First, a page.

• Those little GPDs are very niche devices. Microsoft's own Surface Neo ended up becoming one and it may never see the light of day. I'm fine with that, Windows runs fine on Surface tablets.
  • I thought 10X was intended to finally remove the fat from Windows. I'm guessing this means no more education market, low cost devices, ARM devices, dual screen phones (I doubt they will release another Android version), and no battery efficient devices. Looks like it's all enterprise and gaming from here.
  • It's not nearly as doom and gloom as you make it seem. Microsoft still has a bunch of low cost and ARM devices (and both) clearly in the pipeline. + ARM is likely the future. They are battery efficient and they don't need 10X to exist.
    The only loss here is the education market it seems.
  • Honestly, I'm so over Microsoft as a consumer. Love the services for work but you are not going to catch me spending my own money with them... Yes I'm bitter
  • I'm starting to feel the same way.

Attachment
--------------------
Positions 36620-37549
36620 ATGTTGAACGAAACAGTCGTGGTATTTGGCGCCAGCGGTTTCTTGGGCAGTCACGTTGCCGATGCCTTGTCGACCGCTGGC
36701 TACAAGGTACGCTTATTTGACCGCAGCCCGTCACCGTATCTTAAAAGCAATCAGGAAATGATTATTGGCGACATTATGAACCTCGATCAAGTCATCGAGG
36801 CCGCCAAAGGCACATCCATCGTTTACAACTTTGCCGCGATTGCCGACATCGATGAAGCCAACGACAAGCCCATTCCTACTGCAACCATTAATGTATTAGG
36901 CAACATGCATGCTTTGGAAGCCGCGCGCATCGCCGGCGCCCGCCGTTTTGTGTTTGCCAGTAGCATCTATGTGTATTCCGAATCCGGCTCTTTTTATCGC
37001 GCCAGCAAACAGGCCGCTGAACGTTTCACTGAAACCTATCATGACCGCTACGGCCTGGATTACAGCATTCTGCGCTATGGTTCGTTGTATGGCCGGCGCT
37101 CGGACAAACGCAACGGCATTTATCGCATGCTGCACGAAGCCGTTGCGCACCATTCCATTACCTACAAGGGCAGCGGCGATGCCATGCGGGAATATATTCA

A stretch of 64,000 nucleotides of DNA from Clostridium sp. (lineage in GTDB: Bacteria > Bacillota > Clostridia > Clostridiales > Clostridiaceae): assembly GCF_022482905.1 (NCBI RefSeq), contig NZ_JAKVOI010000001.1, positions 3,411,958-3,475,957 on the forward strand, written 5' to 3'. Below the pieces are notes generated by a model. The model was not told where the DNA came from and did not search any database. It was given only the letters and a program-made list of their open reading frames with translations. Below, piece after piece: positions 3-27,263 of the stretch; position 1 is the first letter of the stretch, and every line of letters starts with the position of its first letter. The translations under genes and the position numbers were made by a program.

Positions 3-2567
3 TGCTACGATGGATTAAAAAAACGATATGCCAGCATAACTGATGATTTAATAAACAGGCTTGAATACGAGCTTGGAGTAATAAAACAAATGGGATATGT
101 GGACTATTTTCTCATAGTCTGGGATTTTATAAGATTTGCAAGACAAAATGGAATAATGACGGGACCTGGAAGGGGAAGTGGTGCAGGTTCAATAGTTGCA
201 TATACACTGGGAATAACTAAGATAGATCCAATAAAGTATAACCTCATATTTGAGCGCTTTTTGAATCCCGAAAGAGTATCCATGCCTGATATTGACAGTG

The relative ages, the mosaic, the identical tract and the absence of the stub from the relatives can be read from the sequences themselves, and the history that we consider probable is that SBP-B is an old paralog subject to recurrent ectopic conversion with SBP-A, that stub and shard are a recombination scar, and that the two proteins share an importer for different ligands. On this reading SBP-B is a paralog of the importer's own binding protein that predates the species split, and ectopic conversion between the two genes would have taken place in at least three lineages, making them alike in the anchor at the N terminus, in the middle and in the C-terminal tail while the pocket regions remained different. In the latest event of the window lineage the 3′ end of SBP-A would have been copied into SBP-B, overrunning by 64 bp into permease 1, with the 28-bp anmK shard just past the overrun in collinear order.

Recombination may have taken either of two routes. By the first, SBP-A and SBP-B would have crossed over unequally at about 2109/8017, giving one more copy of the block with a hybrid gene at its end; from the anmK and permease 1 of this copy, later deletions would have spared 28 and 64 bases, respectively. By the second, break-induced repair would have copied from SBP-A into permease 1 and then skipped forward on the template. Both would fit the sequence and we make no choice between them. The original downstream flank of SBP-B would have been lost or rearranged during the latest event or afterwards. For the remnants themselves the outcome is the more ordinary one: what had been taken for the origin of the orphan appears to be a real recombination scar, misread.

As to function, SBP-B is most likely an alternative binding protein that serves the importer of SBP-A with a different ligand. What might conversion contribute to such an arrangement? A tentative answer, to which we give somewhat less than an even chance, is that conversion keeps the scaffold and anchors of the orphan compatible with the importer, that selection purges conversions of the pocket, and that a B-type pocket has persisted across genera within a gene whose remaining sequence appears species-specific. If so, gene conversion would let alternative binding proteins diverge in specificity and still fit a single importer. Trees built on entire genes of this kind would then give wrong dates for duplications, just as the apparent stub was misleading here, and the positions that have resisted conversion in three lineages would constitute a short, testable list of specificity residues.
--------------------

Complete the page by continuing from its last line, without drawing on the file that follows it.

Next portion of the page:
While my SP7 performs well for work, I'll probably switch to a Dell XPS next.
    The Duo experience is becoming more of a mess with every update, and with 10X gone, so will be the Neo.
    I'll stick with Windows, but if it comes to hardware, especially on the consumer/prosumer end, it's just not worth the hastle.
  • I predict that the Fall update, if there's substantial enough UI changes, will be rebranded as Windows 10X. That name is too good for Microsoft to pass over especially if they're looking for a PR boost and a rebranding come this holiday season.
  • It would have been nice to have a version of Windows that was more streamlined and at least allowed you to run Win32 apps in a secure container as originally intended, thereby giving you the best of both worlds (modern, streamlined and secure OS + legacy app compatibility), but alas it will make its way into standard Windows 10 instead, which at least has me even more excited about Sun Valley.
  • Would love to have Win10X up against iPadOS
  • So, RIP Neo?
  • "If Microsoft is bringing the best of Windows 10X over to the full version of Windows, the need for Windows 10X becomes significantly less obvious." This is a wrong conclusion. The more obvious reason for this is that they want to eventually move eveybody to Win 10X when it's ready, and by bringing these technologies to the current Windows 10 it will allow for a a smoother transition.